My son and his cousins were excited to see the new Star Wars movie over the holiday break, and the night before we went I was inspired to make light sabers for all the kids (okay, and for the adults ;) ). What I came up with was simple and cheap at less than $1 per lightsaber. And they're small enough (about 10.5") that they can easily be stored in a back pocket or be sneaked into a theater in a purse. They won't last forever (if nothing else, the batteries will die eventually), but they look cool, especially in the dark. Don't be surprised if you find yourself making your own lightsaber sounds as you swing these around.
Step 1: Gather Materials and Tools
- Finger lights (two per lightsaber, in appropriate colors; one light forms the base, the other merely supplies the cap at the end of the straw; as DarylM11 points out in the comments below, these can be bought for under $0.15 per light on Amazon)
- Milkshake straws (mine were "Good Cook" brand, 25 ct., 9" long, and 3/8" wide, found at a Walmart Neighborhood Market; picture of packaging above; they're hard to find online, but these would probably work)
- Electrical tape (black)
- Glue (any superglue or other glue that will hold plastic together well)
- Something to diffuse light in the straw (I pulled a piece of thin plastic from the innards of a broken store-bought light sword, from which I got enough to do about 10 lightsabers; transparency film, light diffusion paper, or even parchment paper or thin copy paper might work just as well or better)
- Scrap of white or reflective paper
- Paint or markers in lightsaber colors (to color in the scrap of paper blocking the tip of the straw)
- Small paintbrush
Tips from Commenters
- From CraftNucleus: Decorate the handle of your lightsaber with metallic sharpie pens.
- From dave.vaness.79: Acetate can be acquired at copy stores or office supply stores. Just ask for transparency film. Probably the thinner the better.
- Thanks to slimtb for suggesting I help readers visualize how big these lightsabers are. See "banana for scale" image above.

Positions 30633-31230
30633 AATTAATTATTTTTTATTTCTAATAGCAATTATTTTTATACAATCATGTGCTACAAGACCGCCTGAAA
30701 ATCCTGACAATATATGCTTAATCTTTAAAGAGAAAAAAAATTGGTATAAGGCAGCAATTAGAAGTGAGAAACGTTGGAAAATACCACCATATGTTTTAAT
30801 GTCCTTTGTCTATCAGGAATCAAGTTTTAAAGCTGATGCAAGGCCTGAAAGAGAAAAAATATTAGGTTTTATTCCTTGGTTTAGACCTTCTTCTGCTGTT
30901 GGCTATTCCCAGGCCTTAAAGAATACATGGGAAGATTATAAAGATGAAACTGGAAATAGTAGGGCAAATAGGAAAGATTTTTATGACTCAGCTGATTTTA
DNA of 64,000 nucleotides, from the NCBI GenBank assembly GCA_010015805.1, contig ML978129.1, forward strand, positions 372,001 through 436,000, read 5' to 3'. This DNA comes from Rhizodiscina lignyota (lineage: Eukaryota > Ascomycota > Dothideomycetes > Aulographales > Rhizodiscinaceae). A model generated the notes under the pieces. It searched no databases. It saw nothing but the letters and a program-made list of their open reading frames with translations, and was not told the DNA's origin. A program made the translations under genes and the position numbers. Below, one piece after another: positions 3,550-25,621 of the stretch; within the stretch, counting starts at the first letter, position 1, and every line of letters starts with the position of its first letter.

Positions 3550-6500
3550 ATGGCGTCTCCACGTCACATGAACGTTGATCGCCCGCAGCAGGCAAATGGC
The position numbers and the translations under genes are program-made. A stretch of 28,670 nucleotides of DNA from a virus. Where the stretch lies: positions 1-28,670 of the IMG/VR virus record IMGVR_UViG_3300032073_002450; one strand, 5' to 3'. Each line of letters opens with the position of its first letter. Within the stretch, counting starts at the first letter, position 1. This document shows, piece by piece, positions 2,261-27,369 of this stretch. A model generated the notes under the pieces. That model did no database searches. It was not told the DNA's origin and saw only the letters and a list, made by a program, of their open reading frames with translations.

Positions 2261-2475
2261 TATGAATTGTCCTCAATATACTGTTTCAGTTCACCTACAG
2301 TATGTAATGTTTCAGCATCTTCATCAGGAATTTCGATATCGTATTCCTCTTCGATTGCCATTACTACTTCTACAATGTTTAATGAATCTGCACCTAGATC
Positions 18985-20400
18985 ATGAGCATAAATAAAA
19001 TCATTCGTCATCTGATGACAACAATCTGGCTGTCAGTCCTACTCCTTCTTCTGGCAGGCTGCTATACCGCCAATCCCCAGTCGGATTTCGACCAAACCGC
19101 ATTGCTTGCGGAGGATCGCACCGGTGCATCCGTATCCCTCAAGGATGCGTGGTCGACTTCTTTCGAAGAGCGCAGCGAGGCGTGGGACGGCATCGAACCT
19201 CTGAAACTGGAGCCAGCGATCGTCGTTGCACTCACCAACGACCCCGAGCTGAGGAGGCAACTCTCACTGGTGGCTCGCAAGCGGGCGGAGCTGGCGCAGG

Step 2: Assemble the Blade and Light Source
- Trim the acetate slightly shorter than the straw and a few inches wide. Roll up the acetate and slide it into the milkshake straw (going around a pencil is useful in rolling it tight enough to fit in the straw). You could get away without the acetate, but it seems to help catch and diffuse the light throughout the lightsaber.
- Glue the bottom of the straw to the finger light. Leave sit until glue sets somewhat.
- Cut a small circle of white or reflective paper to fill the hole in an extra cap from another finger light.
- Glue this cap into the end of the straw opposite the finger light. (This keeps the light from shining directly at others' eyes through the end of the straw, and reflects some of the light back into the straw.)
- Paint or color in with a marker the paper circle now at the end of the straw to make it blend in with the color of the lightsaber.
Step 3: Tape Up the Handle
- Place small strips of electrical tape over the finger light and bottom of straw, strengthening the connection between them. Cut tape to fit dimensions of finger light and avoid blocking movement of switch.
- Decorate with colored tape, metallic sharpies, etc., if desired.
Step 4: Stage Epic Miniature Lightsaber Battles
Make a bunch and see who goes for the red ones first, revealing their allegiance to the dark side.
May the force be with you!
Fourth Prize in the